I don’t always open emails from clients right away when I sense there might be some bad news… I need to mentally prepare myself for that 😀 I might skim the email first just so I’m not missing any urgent issues, or maybe they’re totally happy with it (gasp!). And then if they are asking me to change something (“We love this! But… “) I walk away and think about it for a little bit before responding.
I take some time to feel whatever feelings that come up and be a non-judgemental observer of the reactions I’m having.
And then once I do a self-therapy/meditation to soothe my anxiety, I read the email again and analyze the list of things my client has sent me.
Once I have the mental cushion, I can be more objective and handle the criticism more calmly and less emotionally.
I re-read the proposal and contract to see if I missed anything or if I misinterpreted the goals for the project. If their feedback is not clear or sounds subjective, I’ll ask more clarifying questions. I include my creative process document with the final deliverables usually but might offer some extra explanations to clarify my decision making process if needed.
I realize 99% of the problems occur because of unclear communications.
If I overlooked something we agreed on or either didn’t do a good job of understanding the scope of the project throughly or didn’t help the client understand the process clearly in the beginning, I take full responsibilities for that. And I do my best to fix the problems.
But if that’s not the case, and I’m fully confident that what I produced would meet their objectives, I let them know I’m not able to respond to their requests.
Saying no to a client is difficult, but I’m grateful that most of my clients are really awesome and respectful so they understand. If I chose to accommodate every little subjective/arbitrary request they have, my passion would definitely die and I’d be super burnt out in no time!!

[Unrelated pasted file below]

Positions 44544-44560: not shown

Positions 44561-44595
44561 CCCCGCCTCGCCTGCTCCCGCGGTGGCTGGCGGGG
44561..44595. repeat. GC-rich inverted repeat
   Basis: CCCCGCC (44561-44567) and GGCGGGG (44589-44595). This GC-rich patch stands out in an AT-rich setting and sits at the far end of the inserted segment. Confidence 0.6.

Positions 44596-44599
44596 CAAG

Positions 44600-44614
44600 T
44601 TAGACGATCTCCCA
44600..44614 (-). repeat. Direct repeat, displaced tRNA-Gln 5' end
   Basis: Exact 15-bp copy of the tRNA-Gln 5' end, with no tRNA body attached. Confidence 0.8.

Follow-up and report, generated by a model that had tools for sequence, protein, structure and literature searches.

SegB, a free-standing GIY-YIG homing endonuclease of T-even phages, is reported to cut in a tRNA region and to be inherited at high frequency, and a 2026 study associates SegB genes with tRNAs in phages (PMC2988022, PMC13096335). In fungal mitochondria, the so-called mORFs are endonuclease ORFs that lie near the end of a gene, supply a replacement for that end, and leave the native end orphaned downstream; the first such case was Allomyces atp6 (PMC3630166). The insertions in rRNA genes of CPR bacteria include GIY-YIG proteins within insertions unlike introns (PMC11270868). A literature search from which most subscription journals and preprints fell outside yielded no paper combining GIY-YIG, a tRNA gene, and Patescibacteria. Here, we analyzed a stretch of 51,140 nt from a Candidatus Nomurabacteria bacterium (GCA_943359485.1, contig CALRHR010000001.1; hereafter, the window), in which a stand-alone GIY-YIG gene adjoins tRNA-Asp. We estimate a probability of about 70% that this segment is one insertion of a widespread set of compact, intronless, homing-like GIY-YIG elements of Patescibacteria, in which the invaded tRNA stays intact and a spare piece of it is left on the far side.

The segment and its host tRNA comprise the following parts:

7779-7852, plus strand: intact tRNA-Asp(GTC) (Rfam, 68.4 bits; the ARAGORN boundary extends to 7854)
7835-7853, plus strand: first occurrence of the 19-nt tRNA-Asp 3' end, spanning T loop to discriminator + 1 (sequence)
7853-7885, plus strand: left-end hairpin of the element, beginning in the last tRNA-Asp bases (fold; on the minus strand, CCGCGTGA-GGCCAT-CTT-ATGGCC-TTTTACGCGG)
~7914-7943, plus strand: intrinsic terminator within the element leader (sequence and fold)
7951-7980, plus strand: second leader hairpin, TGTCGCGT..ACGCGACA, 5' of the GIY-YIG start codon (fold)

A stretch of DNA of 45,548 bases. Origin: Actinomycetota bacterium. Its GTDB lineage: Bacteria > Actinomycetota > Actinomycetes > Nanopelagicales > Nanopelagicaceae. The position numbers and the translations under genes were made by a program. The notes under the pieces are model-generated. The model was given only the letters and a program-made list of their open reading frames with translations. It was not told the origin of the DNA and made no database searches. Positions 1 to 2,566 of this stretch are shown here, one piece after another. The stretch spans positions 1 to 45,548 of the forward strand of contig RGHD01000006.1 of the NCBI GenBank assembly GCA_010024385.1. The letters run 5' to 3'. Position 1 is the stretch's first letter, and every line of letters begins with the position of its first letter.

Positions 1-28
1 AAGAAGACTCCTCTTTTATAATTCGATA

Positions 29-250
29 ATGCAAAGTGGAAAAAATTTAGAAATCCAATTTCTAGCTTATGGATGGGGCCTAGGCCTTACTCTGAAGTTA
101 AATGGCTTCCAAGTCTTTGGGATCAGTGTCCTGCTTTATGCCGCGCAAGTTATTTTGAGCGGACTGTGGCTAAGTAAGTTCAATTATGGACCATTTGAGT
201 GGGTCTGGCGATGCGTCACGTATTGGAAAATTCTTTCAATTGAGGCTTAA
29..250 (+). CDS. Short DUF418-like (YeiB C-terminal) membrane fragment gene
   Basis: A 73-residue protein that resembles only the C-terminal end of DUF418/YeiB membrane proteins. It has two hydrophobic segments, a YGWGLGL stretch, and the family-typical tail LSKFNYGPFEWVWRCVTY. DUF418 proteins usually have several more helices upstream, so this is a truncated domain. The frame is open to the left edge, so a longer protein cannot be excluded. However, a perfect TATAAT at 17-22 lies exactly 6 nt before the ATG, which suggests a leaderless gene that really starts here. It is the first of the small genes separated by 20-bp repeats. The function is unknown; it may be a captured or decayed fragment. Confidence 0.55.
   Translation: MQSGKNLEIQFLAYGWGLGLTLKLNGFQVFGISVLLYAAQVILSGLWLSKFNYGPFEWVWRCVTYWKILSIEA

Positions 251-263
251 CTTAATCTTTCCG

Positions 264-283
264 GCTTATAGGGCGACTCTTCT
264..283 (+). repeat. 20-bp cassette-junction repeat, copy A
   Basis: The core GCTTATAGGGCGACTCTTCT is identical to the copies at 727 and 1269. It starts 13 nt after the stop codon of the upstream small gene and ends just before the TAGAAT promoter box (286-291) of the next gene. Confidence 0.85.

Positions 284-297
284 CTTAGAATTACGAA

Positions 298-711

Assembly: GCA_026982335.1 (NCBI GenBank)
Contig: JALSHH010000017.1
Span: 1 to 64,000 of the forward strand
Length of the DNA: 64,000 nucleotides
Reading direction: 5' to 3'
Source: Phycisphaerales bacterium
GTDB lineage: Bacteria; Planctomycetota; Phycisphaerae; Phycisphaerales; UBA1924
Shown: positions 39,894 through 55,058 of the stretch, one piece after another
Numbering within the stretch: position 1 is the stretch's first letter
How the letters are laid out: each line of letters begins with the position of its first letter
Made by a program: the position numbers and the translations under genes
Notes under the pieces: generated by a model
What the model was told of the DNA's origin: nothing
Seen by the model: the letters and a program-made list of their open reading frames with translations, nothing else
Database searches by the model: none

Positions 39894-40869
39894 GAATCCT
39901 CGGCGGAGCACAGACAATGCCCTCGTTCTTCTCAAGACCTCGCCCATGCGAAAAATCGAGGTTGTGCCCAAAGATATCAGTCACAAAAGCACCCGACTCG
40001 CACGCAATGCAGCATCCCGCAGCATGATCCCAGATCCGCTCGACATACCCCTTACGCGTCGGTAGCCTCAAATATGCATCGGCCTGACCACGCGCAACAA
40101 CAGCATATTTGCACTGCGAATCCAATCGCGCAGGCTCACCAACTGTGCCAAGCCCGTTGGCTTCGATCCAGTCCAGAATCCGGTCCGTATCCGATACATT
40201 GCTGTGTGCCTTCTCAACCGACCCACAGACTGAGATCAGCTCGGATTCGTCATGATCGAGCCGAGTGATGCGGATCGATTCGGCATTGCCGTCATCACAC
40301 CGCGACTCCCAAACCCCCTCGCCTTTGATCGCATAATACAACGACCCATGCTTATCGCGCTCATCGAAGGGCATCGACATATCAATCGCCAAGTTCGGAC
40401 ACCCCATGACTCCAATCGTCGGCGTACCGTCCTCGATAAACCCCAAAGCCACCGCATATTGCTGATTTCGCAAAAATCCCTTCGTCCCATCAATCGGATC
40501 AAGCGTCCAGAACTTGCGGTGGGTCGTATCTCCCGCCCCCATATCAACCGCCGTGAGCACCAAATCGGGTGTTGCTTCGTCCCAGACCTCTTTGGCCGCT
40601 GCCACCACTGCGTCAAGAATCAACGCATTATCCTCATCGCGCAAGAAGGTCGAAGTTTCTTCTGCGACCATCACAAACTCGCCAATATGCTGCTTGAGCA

I’ve had to grow a thicker skin in order to pursue my passion publicly and professionally, and it’s definitely a work in progress!
Understanding my high sensitivity allows me to be more compassionate towards myself. And knowing what triggers my emotional response helps me to identify and develop new skills so I can grow as a person and be a happy creative professional long-term.
If you’re a highly sensitive artist and have challenges because of that, know you’re not alone in the struggles ❤
4 thoughts on “How to deal with criticism when you’re a Highly Sensitive Person”
Ohh Yuko!! Thank you so much for this post! I appreciate it, and i dont feel alone now. And before i took the HSP test, i know i am a Highly Sensitive Person. Somehow while reading your post, i feel so touched, and i remember i was cried so hard over a video about a bear that lost its fur due to a desease and the bear was being kicked from the forest by the humans who filmed it. And i love the feelings when i kiss my cats, sleeping beside them, it’s kinda theraphy for me. Well, you know so much things i read here make me said to myself “yes this is me!! This is me!” Hahaha. I thought being an HSP was bad in the first place, since my friends always say that i am exaggerating over anything. I am a drama queen, while the fact is just i feel a lot of things deeply. I am analyzing things so deeply that sometimes i get dizzy with myself too. I choose to be so careful to make desicions, i dont want things go wrong. Well now that i choose to become an artist myself, i know that it is not that bad that i am an HSP!! I thought, i couldnt make my illustrations so far if im not sensitive to things around me 🙂 🙂 . Thank you so much Yuko! Much love from Indonesia. X. Emillia
Emillia! Thank you so much for your comment:) gosh I was tearing up just reading about the bear… It’s totally not a bad thing to be highly sensitive. I almost feel like it’s my super power 🙂 it’s hard when your friends and family don’t quite understand it… They don’t mean ill but it’s just very difficult for those who don’t operate the same way. I’m glad you enjoyed my post! You’re not alone!!! Keep up the good work 🙂 Yuko